Humans have been digging in the Earth since the dawn of the Neolithic Revolution, some 12,000 years ago. While the earliest agriculturalists had to make do with shovels crudely fashioned from animal bones—shoulder blades were a popular choice—later material advances (namely stone, wood, and metal) led to the development of modern shovel designs and their specialized heads are purpose-built, like spades for digging in solid soil and shovels for moving loose material like coal or grain.
This specialization was, in part, a consequence of the tool's widespread use in industry—steel mills, graineries, construction, and mines—as well as its universal use in agriculture where manual labor was required to move large amounts of loose material. In fact, shoveling stuff was big business through the late 19th century when steam-powered industrial excavators became economically feasible. So much so that Frederick Winslow Taylor developed and championed the "science of shoveling" during the two decades between the 1890 and 1910. After the detailed analysis of the labor's required movements, he advocated the industry invest in shovels with scoops specialized for each material—an investment, he argued, that would be repaid through increased worker productivity. While his ideas were not immediately recognized by the industrial upper crust, his crusade for better shoveling helped spurn new shovel designs as well as develop the work for which he is most famous, The Principles of Scientific Management.
Today, shovels and spades come in a myriad of shapes, sizes, and functions. Here are a few of the most common types you'll find in your local home improvement store and what they're used for:
Digging shovels are designed for doing just that. They feature a slightly curved scoop with upturned edges and either a pointed (center) or flat (left) tip. Pointed tips are generally used for digging and planting in soft, tilled soil while the sharp flat tips of square points are utilized more for heavy-duty hard-packed soils that demand more force to penetrate. Square point shovels can also perform many of the same functions as garden spades (right)—lawn edging, transplanting small bushes and trees, cutting sod and small roots, dividing perennials, and trenching. Look for shovels with steel scoops as they're more durable than aluminum alternatives. Their handles are available in wood, composite, or metal.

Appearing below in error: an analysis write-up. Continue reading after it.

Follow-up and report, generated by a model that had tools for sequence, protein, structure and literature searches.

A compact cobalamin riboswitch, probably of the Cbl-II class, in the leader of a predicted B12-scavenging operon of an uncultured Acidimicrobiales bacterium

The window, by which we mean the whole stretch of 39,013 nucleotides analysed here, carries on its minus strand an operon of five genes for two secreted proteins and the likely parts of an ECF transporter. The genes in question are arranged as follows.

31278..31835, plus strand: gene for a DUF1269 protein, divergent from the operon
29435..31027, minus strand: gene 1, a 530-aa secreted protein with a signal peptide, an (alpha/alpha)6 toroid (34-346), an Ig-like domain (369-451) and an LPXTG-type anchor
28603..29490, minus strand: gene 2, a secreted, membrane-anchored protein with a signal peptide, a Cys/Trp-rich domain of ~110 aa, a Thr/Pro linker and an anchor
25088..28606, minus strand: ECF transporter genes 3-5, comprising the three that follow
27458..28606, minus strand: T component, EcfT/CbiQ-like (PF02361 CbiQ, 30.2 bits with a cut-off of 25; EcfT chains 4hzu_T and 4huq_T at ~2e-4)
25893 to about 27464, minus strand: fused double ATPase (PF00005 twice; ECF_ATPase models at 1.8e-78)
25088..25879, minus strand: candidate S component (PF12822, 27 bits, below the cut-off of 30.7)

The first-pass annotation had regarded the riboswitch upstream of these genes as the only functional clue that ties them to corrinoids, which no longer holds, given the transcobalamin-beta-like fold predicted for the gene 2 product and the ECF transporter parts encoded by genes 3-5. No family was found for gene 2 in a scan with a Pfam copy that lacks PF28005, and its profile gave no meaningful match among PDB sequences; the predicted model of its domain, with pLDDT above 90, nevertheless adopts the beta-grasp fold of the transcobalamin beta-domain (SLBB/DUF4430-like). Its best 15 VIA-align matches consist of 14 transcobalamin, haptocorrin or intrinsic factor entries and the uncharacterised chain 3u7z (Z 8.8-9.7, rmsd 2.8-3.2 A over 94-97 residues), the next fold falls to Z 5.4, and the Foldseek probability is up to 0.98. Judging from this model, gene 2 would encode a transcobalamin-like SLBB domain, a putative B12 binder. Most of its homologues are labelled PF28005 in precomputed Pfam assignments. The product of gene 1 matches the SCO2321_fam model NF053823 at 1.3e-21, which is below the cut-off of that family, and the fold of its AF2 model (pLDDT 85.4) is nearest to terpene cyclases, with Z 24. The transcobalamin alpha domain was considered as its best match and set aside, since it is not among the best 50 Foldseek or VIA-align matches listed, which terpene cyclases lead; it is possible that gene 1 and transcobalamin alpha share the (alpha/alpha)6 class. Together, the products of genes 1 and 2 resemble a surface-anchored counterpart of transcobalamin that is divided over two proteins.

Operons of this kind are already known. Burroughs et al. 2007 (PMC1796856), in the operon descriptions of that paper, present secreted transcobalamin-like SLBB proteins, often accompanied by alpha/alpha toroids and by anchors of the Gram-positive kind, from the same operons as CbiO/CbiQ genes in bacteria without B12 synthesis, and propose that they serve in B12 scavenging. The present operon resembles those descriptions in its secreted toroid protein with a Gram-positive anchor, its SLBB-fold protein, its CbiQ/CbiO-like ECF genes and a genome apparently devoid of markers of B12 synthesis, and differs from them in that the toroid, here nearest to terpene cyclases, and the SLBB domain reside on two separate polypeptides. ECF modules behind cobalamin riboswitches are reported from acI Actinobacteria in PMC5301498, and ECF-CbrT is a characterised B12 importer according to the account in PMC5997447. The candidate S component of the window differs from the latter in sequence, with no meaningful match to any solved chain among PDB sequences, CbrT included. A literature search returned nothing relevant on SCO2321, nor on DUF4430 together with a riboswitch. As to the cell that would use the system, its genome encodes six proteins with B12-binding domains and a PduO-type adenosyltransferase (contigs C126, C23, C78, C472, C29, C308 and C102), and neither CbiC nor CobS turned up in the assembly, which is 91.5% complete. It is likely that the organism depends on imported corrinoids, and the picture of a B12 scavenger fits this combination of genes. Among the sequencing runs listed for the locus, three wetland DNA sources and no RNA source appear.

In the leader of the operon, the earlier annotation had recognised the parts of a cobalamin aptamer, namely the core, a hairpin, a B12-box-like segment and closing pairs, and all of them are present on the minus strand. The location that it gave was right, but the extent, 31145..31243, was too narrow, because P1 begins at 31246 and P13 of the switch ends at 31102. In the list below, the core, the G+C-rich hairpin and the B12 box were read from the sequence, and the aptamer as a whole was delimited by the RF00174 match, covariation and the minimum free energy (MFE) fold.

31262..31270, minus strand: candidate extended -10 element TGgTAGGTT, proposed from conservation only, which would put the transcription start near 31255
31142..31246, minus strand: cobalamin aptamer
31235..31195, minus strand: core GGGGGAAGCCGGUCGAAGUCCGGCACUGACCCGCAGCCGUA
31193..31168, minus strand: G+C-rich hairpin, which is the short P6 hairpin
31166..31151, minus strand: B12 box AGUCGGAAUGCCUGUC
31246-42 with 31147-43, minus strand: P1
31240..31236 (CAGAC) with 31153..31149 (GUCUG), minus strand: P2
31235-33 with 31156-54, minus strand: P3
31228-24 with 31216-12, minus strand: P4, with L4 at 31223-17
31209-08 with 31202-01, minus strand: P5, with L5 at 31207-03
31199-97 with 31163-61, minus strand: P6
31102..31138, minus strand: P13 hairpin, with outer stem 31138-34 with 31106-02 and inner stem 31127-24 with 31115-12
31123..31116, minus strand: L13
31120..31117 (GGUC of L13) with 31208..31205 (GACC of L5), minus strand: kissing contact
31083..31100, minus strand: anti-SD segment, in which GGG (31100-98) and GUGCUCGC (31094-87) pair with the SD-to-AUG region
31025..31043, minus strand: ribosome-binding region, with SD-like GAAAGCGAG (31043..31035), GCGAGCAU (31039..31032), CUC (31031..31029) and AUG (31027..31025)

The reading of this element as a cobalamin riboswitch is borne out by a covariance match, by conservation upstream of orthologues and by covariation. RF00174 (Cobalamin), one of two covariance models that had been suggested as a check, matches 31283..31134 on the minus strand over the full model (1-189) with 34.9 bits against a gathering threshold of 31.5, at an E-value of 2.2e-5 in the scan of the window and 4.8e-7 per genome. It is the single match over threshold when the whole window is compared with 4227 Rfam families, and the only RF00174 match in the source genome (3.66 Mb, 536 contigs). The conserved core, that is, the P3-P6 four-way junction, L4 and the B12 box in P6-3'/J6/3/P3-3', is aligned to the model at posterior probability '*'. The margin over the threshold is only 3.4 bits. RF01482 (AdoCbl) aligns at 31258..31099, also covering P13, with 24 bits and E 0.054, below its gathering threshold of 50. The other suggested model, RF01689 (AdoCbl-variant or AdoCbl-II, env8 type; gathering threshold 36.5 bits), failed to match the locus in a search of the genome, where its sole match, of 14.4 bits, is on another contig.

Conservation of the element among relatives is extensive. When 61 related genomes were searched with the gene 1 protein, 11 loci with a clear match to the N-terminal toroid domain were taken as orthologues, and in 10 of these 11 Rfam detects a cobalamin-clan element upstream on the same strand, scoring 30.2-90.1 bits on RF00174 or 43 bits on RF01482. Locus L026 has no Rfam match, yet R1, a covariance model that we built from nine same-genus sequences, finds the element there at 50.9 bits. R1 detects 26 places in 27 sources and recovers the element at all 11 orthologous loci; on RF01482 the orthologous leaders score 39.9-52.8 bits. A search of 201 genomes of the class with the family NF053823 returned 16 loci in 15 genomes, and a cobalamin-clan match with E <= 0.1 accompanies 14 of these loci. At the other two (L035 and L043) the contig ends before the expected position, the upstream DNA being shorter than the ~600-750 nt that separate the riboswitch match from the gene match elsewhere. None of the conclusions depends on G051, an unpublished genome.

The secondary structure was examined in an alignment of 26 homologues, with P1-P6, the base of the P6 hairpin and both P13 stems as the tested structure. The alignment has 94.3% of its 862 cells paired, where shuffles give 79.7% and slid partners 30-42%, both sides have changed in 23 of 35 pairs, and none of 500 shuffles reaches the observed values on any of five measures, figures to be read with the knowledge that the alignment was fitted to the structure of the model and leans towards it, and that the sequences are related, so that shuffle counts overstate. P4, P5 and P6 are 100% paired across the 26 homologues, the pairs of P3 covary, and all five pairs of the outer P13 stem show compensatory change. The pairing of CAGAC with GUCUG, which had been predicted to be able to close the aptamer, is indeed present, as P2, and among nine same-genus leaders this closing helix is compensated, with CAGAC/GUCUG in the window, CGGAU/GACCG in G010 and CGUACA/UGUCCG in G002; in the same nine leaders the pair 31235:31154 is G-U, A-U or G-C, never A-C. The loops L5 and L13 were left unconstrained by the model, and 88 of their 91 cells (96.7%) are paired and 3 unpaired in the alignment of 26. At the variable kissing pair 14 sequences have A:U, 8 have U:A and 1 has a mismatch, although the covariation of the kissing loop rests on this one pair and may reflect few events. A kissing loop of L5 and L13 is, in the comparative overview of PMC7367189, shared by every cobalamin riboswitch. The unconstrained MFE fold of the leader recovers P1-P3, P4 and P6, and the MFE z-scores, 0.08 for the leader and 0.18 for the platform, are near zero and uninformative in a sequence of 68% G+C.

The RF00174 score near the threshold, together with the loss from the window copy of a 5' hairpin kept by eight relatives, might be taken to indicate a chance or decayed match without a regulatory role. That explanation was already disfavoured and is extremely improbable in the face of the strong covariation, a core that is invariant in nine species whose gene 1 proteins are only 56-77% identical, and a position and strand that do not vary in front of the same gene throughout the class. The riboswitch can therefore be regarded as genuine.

Trenching shovels are designed for, you guessed it, digging and clearing trenches. They feature a sharp, pointed tip and squared sides to produce clean trench walls and minimize disruption of the surrounding soil. They're indespensable for laying irrigation pipes, digging a compost trench, and removing deeply-rooted plants.
Drain spades are very narrow with slightly curved sides and a rounded tip, which makes them ideal for precise spot work like adding flowers to established beds, clearing existing trenches, and transplanting small shrubs.
Broad and wide-flared with a flat tip, scoop shovels are terrible at digging but fantastic at moving loose materials like coal or stone (left), snow (center), and grain (right). Those with steel scoops tend to be a bit heavier than aluminum versions but are less likely to twist or warp over time.
Scrapers are equally adept at clearing ice and debris from roofs and driveways alike, as well as making short work of shingles when replacing the roof itself. These are also very handy for eliminating weeds poking through the front walk and can be used as lawn edgers in a pinch.
Edgers are a highly-specialized offshoot of shovel and bear little resemblance to their predecessors. These tools use a half-moon blade to slice through shallow turf like hot pizza. As the name implies, use these to clean up borders, driveways, and curbs as well as separate perennials, ground cover, and shrubbery.
Come for the holes, stay for the workout. Post hole diggers are essentially two shovels connected by a hinge. They're used to penetrate loose, preferably tilled, soil (after using a pick axe, spade, or autotiller to break up the surface) and cleanly excavate columns of dirt for the sinking of fence posts, bulbs or patio supports. Just make sure your back and shoulders are up to the task.
You're not always going to require a full bag of soil per project, nor are you going to need a full-size shovel. For repotting, spot reseeding, and other minor gardening tasks, a trowel or soil scoop is indispensable. These hand tools lack the long handles and brad blades of typical digging shovels, instead opting for a pointed and curled scoop to dig out holes for seedlings and new transplants.
Got an indespensible digger you don't see here? Let us know in the discussion below.
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